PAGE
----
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Raymond Burley Ames was 62 years old when Vietnam War: The last United States combat soldiers leave South Vietnam. The Vietnam War, also known as the Second Indochina War, and in Vietnam as the Resistance War Against America or simply the American War, was a conflict that occurred in Vietnam, Laos, and Cambodia from 1 November 1955 to the fall of Saigon on 30 April 1975. It was the second of the Indochina Wars and was officially fought between North Vietnam and the government of South Vietnam. The North Vietnamese army was supported by the Soviet Union, China, and other communist allies; the South Vietnamese army was supported by the United States, South Korea, Australia, Thailand and other anti-communist allies. The war is considered a Cold War-era proxy war by some US perspectives. The majority of Americans believe the war was unjustified. The war would last roughly 19 years and would also form the Laotian Civil War as well as the Cambodian Civil War, which also saw all three countries become communist states in 1975.
1973
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Raymond Burley Ames was 75 years old when Space Shuttle program: STS-51-L mission: Space Shuttle Challenger disintegrates after liftoff, killing all seven astronauts on board. The Space Shuttle program was the fourth human spaceflight program carried out by the National Aeronautics and Space Administration (NASA), which accomplished routine transportation for Earth-to-orbit crew and cargo from 1981 to 2011. Its official name, Space Transportation System (STS), was taken from a 1969 plan for a system of reusable spacecraft of which it was the only item funded for development.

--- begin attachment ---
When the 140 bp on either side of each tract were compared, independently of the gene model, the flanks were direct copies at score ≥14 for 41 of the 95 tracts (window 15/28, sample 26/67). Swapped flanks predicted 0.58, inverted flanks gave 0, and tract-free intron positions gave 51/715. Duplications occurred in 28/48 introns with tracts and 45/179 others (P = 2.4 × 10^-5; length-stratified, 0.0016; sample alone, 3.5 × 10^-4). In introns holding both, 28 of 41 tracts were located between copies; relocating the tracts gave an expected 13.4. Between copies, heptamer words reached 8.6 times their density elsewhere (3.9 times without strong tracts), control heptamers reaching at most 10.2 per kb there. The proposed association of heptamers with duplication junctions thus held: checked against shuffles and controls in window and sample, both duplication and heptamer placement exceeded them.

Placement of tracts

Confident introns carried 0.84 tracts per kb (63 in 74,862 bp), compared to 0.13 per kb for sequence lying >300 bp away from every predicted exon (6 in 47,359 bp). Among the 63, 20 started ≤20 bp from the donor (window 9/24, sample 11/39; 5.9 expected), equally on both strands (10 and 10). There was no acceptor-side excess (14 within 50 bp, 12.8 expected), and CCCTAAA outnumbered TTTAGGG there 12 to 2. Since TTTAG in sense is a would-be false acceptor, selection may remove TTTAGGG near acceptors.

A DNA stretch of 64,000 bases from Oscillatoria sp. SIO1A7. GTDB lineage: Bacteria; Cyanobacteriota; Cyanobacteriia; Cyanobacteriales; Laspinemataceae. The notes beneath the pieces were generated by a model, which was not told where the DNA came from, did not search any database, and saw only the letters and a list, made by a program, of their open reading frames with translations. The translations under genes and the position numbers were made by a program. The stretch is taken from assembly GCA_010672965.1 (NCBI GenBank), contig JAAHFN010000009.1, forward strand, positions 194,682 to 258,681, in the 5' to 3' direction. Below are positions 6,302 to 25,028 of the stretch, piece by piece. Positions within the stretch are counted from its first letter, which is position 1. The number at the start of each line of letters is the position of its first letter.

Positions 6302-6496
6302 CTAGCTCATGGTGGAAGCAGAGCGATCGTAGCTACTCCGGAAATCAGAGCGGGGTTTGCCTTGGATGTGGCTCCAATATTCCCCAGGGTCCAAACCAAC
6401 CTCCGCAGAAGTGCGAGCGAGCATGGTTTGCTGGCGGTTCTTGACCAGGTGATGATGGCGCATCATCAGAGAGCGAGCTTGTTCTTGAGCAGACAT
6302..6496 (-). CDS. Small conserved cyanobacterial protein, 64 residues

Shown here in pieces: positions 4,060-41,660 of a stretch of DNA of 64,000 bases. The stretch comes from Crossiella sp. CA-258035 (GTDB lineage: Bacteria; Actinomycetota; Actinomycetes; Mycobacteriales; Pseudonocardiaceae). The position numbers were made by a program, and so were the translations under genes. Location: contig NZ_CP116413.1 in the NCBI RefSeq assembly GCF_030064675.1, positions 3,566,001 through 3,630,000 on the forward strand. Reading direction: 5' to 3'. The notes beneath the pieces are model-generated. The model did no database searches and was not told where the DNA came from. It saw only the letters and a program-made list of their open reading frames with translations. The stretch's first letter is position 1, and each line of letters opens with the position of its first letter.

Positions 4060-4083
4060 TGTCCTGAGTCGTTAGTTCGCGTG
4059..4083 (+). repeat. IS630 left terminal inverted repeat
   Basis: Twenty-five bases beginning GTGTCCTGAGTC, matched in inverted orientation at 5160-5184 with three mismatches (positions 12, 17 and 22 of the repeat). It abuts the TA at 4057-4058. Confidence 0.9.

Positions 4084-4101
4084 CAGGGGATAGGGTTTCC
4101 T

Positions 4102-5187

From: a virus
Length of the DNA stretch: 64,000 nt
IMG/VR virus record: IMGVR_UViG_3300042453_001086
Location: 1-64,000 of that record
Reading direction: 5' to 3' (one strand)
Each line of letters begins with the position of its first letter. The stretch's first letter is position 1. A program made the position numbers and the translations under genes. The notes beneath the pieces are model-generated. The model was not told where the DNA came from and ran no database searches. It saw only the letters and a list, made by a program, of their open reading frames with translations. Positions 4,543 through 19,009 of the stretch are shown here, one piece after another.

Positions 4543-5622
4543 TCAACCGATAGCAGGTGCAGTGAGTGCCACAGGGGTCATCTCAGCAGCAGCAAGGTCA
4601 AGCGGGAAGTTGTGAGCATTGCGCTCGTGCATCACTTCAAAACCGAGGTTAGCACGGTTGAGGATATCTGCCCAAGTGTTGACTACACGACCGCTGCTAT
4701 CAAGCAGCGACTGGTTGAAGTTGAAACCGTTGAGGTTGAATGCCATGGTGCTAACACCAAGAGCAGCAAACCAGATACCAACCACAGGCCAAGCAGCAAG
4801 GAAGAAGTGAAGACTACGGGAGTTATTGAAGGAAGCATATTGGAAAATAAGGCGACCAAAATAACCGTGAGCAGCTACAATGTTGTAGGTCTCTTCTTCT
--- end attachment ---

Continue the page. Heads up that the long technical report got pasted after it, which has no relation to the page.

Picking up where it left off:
1986
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Raymond Burley Ames was 79 years old when Nelson Mandela is released from Victor Verster Prison outside Cape Town, South Africa after 27 years as a political prisoner. Nelson Rolihlahla Mandela was a South African anti-apartheid revolutionary, political leader, and philanthropist who served as President of South Africa from 1994 to 1999. He was the country's first black head of state and the first elected in a fully representative democratic election. His government focused on dismantling the legacy of apartheid by tackling institutionalised racism and fostering racial reconciliation. Ideologically an African nationalist and socialist, he served as President of the African National Congress (ANC) party from 1991 to 1997.
1990
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Raymond Burley Ames died on 15 Jan 2002 at the age of 91
BillionGraves.com
Grave record for Raymond Burley Ames (13 Jan 1911 - 15 Jan 2002), BillionGraves Record 1416 Springville, Utah, Utah, United States